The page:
CONNECTIONS
National Theatre (Olivier / Cottesloe), London SE1
Opened 29 June, 2011
****

The Connections programme is, along with the National Student Drama Festival, the country’s most exciting showcase of young theatrical work. The NT commissions a number of one-act plays and makes these freely available for school/college/youth groups to stage. The cream of the crop are then invited to give one-off performances at the National. This year’s ten plays include a drama about a war-torn village’s missing children by Samuel Adamson; an examination of the legacy of the Rwandan genocide by Katori Hall; a fable about body-fascism and youth cosmetic surgery by Nell Leyshon; and an absurdist version of the Gargantua story by Carl Grose.
    
Last Wednesday’s opening double bill consisted of James Graham’s meditation on citizenship Bassett and Douglas Maxwell’s sentimental comedy about growing up, Too Fast. Apparently the East Midlands- and North West-based CAST Ensemble Youth Theatre more usually engage in devised verbatim or physical work; this may partly explain the young cast’s impressive ownership of the lines written by Graham. The pupils of a citizenship class in Wootton Bassett in Wiltshire are locked in their classroom during one of the repatriation events involving the military war dead for which the village has become renowned. Leo is determined to pay his respects to his deceased friend, but also to ensure that his are the only views on citizenship, nationality and patriotism to prevail as his classmates’ conversations touch on a raft of topics. Tom Murton gave a remarkable performance as Leo, blending intense and confused emotion with real physical menace. Chloe Harris was foremost amongst his interlocutors, but scarcely a single performance amongst the cast of 16 was less than excellently pitched. Graham’s final confrontation is too forced, but this is a typically thoughtful, socially engaged play from him.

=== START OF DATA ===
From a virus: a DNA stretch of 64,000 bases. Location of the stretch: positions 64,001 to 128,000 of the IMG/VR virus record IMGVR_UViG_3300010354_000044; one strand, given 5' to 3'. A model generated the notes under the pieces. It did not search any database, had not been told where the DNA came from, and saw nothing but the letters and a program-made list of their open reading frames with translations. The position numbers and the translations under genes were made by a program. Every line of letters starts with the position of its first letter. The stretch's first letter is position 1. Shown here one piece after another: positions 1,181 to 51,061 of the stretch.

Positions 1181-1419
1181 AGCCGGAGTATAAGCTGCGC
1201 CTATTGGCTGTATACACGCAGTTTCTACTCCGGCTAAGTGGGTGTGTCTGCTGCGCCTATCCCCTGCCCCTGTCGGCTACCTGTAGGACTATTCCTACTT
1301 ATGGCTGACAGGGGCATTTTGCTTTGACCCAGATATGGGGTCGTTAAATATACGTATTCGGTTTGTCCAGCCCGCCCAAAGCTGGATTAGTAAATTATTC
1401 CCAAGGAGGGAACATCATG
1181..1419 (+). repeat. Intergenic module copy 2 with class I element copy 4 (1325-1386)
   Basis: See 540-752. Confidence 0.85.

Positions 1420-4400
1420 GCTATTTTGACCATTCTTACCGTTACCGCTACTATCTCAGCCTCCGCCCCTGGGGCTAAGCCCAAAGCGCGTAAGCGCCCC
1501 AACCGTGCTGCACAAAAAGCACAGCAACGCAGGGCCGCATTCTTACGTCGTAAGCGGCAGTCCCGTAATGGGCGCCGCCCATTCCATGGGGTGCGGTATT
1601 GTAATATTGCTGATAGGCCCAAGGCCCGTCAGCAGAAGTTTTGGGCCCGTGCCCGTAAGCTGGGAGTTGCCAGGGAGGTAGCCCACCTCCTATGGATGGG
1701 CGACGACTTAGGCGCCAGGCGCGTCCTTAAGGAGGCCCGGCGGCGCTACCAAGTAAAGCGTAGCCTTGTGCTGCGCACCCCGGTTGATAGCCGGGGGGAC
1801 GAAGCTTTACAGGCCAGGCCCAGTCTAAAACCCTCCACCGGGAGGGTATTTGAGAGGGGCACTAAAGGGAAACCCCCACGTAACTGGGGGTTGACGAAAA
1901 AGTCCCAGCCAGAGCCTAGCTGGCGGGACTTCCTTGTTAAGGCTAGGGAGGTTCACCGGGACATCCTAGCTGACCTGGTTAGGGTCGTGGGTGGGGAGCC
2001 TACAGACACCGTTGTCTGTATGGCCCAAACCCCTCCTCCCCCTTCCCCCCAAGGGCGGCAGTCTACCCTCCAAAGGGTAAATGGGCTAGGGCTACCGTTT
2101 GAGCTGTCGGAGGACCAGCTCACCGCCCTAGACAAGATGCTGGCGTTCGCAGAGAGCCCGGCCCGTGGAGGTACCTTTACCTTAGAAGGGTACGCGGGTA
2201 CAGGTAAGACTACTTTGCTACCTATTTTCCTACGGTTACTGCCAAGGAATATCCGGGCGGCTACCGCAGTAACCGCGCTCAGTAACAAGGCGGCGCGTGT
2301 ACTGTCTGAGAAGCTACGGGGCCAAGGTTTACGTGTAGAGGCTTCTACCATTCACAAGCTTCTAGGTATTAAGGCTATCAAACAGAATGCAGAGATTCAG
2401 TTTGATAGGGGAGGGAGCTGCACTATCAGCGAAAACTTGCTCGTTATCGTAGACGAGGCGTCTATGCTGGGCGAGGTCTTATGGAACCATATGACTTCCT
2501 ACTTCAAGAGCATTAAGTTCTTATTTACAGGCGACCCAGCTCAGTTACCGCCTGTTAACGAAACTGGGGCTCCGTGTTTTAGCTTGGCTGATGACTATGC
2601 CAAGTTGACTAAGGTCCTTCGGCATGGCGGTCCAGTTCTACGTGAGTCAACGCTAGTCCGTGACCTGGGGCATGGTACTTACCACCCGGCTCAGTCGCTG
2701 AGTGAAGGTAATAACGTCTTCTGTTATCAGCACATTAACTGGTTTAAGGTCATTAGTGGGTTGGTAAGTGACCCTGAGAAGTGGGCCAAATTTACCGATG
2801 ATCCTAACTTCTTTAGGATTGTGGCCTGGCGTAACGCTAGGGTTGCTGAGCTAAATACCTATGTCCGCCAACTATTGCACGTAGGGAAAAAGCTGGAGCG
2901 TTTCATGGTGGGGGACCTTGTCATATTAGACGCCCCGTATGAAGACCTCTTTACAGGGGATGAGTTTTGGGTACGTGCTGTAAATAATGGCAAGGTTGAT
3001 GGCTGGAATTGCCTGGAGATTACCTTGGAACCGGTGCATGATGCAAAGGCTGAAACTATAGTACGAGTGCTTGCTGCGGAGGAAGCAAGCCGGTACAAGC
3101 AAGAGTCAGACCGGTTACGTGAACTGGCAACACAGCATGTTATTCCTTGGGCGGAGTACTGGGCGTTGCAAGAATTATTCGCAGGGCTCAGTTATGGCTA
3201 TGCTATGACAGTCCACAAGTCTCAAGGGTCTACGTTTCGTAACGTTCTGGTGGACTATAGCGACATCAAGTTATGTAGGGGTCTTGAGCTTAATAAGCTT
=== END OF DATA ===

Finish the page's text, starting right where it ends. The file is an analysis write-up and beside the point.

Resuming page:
Scarborough Youth Theatre deployed nearly two dozen performers as funeral mourners, a wannabe singing group, flowers and characters from BBC-TV’s infants’ series In The Night Garden in Douglas Maxwell’s piece, which is by turns sharp and surreal. It was an ambitious staging, but the company’s reach exceeded its grasp, in particular in the decision to cast the clutch of central characters, the ambitious group Sensation Nation, from performers several years younger than their characters, affecting not just plausibility but their onstage assurance. Nevertheless, Connections remains a programme about which one is never tempted to use the condescending caveat “very good, considering…”.

Written for the Financial Times.

Copyright Ian Shuttleworth; all rights reserved.

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